The role of beliefs, trust, and risk in contributions to a public good
AbstractThis paper experimentally investigates the role of beliefs, trust, and risk in shaping cooperative behavior. By applying incentivized elicitation methods to measure these concepts, we find that beliefs about others’ behavior and trust are positively associated with cooperation in a public goods game. However, even though contributing unconditionally to a public good resembles a situation of making decisions under risk, elicited risk preferences do not seem to explain cooperation in a systematic way.
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Bibliographic InfoPaper provided by University of Gothenburg, Department of Economics in its series Working Papers in Economics with number 482.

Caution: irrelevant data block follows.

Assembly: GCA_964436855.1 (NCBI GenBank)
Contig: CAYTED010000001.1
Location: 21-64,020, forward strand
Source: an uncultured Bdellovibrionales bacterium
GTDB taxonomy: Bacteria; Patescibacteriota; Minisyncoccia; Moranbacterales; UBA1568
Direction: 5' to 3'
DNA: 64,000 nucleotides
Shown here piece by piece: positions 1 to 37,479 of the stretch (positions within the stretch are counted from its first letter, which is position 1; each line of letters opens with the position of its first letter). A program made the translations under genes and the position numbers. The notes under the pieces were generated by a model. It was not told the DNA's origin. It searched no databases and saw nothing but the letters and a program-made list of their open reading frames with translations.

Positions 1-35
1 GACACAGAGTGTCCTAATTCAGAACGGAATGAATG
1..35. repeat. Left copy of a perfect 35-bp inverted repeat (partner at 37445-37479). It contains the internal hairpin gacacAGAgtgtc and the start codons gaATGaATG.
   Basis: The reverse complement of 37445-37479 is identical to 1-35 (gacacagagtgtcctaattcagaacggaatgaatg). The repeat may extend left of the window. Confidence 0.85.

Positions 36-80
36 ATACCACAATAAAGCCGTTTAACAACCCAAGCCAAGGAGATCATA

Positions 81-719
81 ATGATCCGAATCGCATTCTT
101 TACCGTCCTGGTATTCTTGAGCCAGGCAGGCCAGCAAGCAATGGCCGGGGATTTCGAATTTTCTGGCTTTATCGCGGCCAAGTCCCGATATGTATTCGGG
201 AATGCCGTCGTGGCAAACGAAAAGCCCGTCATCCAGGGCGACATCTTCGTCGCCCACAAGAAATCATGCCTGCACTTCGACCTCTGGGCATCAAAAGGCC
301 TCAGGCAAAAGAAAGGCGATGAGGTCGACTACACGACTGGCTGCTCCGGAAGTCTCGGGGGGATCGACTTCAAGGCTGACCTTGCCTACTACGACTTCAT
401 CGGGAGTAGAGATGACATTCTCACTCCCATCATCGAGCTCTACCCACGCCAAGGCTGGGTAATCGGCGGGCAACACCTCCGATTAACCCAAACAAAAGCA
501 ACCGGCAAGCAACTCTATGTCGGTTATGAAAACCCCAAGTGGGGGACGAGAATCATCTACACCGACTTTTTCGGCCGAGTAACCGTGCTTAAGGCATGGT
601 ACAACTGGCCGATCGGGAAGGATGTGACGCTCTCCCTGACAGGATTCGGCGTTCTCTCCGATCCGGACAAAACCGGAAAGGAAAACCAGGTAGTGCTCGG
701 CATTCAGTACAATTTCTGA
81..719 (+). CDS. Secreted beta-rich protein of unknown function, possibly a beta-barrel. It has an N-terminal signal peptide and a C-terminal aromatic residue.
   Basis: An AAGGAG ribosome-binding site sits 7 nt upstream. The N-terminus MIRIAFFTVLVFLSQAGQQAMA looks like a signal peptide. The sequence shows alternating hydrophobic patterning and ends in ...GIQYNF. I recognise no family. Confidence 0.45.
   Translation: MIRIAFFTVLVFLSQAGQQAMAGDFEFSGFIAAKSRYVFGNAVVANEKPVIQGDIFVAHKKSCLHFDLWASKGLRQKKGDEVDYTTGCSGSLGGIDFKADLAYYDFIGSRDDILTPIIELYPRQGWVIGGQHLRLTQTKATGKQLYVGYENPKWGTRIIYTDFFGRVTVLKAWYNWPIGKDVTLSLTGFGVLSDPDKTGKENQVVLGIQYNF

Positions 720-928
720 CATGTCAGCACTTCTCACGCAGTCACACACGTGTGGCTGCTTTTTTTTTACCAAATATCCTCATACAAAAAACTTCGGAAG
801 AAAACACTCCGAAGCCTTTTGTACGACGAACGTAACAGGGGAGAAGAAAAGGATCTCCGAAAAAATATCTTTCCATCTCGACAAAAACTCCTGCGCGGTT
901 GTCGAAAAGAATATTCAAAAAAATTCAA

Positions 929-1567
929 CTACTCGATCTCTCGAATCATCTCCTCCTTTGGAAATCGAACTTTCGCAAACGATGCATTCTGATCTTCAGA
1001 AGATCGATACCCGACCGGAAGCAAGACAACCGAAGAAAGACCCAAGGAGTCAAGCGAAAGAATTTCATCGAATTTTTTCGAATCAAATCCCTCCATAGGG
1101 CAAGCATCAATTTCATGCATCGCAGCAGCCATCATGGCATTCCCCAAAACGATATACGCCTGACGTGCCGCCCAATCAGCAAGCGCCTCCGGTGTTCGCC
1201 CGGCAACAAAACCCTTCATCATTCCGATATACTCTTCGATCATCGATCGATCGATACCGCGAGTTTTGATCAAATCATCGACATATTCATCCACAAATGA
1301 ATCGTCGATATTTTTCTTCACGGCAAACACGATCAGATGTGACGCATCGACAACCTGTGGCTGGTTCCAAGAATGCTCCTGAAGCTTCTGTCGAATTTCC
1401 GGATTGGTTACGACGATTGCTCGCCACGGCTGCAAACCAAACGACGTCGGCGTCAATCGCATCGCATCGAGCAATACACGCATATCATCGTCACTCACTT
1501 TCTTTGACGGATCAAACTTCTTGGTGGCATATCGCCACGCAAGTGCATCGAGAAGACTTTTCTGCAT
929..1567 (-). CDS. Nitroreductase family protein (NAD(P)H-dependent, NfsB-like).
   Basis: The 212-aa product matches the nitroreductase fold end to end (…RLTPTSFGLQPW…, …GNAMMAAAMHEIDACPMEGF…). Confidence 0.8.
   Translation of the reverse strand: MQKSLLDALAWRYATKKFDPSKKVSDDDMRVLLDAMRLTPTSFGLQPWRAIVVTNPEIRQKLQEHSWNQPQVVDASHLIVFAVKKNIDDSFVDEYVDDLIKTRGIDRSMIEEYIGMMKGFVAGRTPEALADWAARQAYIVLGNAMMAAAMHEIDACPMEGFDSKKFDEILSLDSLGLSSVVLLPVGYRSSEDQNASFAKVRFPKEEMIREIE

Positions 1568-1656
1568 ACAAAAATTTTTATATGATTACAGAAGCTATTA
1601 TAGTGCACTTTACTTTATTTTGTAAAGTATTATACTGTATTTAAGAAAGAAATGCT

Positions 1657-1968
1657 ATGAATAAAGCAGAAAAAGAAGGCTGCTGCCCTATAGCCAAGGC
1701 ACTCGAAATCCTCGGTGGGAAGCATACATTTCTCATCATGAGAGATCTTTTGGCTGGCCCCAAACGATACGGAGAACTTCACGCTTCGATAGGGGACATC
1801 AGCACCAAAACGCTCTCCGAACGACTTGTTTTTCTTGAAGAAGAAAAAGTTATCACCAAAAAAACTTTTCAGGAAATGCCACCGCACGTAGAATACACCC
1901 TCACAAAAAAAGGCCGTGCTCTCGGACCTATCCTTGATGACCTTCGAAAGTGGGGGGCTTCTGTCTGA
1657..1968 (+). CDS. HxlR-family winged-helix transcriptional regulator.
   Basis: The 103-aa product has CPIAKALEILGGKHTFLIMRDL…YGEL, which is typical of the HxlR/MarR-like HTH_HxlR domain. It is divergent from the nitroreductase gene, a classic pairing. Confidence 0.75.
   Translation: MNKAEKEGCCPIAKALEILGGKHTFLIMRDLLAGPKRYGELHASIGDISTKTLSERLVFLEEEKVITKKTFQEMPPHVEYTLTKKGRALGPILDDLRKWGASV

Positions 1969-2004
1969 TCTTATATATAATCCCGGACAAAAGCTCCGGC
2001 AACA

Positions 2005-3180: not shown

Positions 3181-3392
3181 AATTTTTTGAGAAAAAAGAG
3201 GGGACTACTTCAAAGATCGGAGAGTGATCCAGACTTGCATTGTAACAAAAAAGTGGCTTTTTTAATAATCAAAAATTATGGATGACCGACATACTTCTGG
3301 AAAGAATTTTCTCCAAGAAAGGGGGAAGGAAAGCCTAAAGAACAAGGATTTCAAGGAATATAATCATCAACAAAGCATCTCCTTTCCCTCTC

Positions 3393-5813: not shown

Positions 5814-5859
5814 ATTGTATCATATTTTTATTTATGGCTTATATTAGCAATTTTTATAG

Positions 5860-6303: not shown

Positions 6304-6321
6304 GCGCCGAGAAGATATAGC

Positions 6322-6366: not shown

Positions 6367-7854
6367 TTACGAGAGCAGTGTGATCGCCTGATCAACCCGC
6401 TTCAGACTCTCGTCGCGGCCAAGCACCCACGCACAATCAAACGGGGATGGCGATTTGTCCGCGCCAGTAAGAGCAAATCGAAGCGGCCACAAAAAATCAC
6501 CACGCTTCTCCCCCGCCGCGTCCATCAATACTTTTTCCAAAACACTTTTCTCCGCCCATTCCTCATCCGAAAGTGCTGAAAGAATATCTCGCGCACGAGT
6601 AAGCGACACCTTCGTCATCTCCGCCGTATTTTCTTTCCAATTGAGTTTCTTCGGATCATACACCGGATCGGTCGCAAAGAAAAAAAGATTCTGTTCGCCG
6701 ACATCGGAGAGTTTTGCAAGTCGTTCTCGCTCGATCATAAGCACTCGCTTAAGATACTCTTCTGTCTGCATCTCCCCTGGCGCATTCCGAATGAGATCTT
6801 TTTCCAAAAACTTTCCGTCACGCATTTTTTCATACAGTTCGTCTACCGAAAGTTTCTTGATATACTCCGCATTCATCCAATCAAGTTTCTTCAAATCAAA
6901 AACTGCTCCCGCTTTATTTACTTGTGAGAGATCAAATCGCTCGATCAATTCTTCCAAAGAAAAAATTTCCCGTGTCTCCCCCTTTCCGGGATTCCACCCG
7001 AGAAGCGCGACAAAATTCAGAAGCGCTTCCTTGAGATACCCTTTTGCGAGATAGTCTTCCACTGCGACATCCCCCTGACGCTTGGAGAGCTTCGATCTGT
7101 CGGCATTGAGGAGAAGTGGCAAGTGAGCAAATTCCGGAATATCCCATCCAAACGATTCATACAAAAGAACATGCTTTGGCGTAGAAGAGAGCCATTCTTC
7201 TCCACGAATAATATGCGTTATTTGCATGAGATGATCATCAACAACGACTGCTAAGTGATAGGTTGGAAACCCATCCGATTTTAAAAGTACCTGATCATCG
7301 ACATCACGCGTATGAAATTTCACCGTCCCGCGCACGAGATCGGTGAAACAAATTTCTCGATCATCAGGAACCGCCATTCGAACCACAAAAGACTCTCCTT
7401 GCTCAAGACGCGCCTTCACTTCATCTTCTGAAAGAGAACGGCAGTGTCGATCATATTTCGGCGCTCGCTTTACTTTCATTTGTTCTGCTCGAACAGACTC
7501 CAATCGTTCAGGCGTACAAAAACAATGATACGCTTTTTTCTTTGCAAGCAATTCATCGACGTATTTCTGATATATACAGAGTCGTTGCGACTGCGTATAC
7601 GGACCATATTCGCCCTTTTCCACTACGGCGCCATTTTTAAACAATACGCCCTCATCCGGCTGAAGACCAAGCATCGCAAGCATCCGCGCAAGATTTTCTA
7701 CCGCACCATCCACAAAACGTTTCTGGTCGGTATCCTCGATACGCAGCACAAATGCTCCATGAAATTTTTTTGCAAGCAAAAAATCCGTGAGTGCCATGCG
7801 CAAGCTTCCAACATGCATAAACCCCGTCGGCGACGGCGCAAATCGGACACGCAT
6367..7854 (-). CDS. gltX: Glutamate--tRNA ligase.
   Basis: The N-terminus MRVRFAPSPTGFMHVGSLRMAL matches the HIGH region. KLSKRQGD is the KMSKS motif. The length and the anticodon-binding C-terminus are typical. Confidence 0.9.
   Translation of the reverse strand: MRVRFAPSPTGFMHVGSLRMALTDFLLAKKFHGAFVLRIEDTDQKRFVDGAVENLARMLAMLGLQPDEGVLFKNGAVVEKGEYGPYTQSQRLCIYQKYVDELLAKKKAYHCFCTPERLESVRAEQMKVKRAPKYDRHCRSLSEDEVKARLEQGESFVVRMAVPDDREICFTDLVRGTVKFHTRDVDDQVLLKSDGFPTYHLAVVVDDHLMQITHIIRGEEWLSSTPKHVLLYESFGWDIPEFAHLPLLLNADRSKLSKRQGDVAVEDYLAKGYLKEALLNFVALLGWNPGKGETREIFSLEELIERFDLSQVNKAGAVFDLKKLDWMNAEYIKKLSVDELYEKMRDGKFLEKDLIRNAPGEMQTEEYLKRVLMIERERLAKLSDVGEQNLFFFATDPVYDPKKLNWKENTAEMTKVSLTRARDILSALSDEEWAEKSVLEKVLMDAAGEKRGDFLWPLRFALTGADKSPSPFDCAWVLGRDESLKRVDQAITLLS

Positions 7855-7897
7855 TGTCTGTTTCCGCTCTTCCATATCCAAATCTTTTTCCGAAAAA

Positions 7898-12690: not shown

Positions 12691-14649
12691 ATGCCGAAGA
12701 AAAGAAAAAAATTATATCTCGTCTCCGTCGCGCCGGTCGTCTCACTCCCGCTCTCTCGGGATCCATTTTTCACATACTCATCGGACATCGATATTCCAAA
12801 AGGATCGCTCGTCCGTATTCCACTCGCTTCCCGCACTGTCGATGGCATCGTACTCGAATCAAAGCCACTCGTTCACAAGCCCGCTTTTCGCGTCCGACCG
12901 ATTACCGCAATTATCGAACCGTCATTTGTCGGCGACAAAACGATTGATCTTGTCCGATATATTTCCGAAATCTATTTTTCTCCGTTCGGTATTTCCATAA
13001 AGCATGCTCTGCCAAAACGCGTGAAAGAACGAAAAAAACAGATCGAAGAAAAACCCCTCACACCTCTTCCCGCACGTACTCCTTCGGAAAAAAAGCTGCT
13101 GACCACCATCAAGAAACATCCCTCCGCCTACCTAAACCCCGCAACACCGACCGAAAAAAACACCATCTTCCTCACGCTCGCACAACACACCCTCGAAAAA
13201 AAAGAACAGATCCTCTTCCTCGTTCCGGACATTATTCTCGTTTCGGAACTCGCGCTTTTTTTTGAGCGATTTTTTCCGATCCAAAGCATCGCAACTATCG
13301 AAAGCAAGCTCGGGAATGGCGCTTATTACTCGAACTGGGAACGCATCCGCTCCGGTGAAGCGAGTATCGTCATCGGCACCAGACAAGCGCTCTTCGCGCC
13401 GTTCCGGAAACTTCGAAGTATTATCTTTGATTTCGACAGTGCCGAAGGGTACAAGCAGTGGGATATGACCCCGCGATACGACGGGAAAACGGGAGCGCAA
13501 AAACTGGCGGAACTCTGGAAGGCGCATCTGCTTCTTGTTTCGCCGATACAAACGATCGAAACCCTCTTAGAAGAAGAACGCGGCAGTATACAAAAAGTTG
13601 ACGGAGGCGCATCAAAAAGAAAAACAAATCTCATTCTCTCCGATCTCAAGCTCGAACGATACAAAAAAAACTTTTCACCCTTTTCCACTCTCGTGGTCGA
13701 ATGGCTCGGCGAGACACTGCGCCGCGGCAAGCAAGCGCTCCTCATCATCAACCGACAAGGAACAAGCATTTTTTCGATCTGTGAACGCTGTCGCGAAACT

Length: 30 pages
Date of creation: 12 Jan 2011
Date of revision:
Contact details of provider:
Postal: Department of Economics, School of Business, Economics and Law, University of Gothenburg, Box 640, SE 405 30 GÖTEBORG, Sweden
Phone: 031-773 10 00
Web page: http://www.handels.gu.se/econ/
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Public goods; cooperation; risk preferences; trust; experiment;
Find related papers by JEL classification:
- C91 - Mathematical and Quantitative Methods - - Design of Experiments - - - Laboratory, Individual Behavior
- D03 - Microeconomics - - General - - - Behavioral Economics; Underlying Principles
- D64 - Microeconomics - - Welfare Economics - - - Altruism; Philanthropy
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- Michalis Drouvelis & Julian C. Jamison, 2012. "Selecting public goods institutions: who likes to punish and reward?," Working Papers 12-5, Federal Reserve Bank of Boston.
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